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Tiny cyborg beetles could recharge just by flying

Jan 21, 2013

No need for new batteries as they fly over battlefields or into disaster zones

The miniature device placed on this beetle may make it the world's smallest cyborg. Electrodes implanted in the brain and wing muscles allow scientists to remotely control the insect's flight.
Cyborg beetles being developed for the U.S. military wouldn't need to carry extra batteries into the battlefield for their tiny spy sensors. The insects' own flying motions or even body heat could provide the power for the small microphones or cameras that humans equip them with, according to researchers.

The cyborg insect project has backing from the Pentagon's Defense Advanced Research Projects Agency (DARPA), which is investigating how some of nature's small creatures can be harnessed as intelligence-gatherers when the situation is dangerous for humans. Such cyborgs could provide a faster, cheaper solution than painstakingly engineered tiny scout robots. Still, they would need a power source for their equipment.
"Through energy scavenging, we could potentially power cameras, microphones and other sensors and communications equipment that an insect could carry aboard a tiny backpack," said Khalil Najafi, an electrical and computer engineer at the University of Michigan.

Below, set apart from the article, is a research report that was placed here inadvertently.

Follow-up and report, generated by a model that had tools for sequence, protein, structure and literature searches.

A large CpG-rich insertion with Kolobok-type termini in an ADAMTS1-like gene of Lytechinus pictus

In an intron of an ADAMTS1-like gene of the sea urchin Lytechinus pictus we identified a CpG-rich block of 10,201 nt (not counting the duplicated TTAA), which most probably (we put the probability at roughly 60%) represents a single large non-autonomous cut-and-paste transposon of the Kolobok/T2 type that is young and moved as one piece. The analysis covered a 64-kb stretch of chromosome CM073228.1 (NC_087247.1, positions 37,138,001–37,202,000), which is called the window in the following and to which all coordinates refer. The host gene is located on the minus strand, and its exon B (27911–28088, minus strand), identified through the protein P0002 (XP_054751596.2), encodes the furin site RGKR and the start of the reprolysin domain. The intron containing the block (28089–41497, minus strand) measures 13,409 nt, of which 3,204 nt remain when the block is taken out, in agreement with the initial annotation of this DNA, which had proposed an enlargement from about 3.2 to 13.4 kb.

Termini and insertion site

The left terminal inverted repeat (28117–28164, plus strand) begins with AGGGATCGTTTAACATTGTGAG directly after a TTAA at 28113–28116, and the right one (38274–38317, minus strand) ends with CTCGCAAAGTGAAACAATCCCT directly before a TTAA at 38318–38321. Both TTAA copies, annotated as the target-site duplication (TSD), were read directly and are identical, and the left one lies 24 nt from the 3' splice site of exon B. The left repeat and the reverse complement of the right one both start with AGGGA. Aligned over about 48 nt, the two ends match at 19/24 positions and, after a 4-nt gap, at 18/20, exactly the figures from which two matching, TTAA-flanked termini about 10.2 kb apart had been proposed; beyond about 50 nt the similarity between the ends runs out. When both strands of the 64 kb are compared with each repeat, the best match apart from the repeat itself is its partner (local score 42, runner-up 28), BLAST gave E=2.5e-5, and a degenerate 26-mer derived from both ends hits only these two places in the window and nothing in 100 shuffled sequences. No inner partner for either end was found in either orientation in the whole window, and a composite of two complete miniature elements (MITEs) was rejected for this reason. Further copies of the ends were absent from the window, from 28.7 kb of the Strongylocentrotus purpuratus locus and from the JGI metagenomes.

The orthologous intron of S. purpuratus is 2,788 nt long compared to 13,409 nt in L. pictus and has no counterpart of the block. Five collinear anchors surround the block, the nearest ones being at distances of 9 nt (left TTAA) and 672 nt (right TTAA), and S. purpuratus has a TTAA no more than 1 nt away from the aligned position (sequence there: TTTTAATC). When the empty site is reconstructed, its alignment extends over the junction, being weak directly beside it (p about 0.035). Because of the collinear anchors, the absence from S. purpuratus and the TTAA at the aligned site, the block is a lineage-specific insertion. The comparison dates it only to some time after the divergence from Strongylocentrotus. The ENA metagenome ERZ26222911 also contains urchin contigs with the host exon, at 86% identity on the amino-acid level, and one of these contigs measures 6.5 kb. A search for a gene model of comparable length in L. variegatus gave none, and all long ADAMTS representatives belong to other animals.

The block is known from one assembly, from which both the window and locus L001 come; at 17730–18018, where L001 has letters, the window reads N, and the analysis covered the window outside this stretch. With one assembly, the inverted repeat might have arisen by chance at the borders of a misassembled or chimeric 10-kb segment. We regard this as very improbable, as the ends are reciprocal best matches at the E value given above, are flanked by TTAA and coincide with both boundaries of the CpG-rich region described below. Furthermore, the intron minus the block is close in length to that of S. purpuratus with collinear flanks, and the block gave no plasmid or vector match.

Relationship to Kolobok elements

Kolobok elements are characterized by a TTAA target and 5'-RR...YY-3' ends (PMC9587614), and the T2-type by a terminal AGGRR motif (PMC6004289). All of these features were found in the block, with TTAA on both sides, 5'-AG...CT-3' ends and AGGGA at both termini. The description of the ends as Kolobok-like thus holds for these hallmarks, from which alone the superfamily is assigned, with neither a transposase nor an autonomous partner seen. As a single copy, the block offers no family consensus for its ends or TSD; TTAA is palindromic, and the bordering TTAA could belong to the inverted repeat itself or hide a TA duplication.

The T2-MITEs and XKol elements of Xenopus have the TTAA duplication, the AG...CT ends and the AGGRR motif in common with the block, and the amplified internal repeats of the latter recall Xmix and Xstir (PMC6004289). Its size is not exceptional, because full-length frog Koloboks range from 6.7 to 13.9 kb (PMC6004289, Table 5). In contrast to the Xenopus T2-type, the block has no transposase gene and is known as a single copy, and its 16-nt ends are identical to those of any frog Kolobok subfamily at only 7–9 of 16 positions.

Najafi and doctoral student Erkan Aktakka have created a piezoelectric generator that converts pressure or material stress from the motion of an insect's wings into electricity. Such energy could extend the life of a battery carried by a cyborg beetle and might even give other researchers a hint about how to power tiny robots.

Previous cybernetic work with beetles showed how researchers could remotely control them to fly wherever the researchers wanted them to go.

Such small cyborgs could do more than scout for U.S. troops. In the aftermath of a disaster, they could help search ruined buildings or investigate hazardous zones such as the area of the Fukushima nuclear plant.
Najafi and Aktakka published their latest work on energy scavenging in the Journal of Micromechanics and Microengineering. Funding came from DARPA's Hybrid Insect Micro Electromechanical Systems program.
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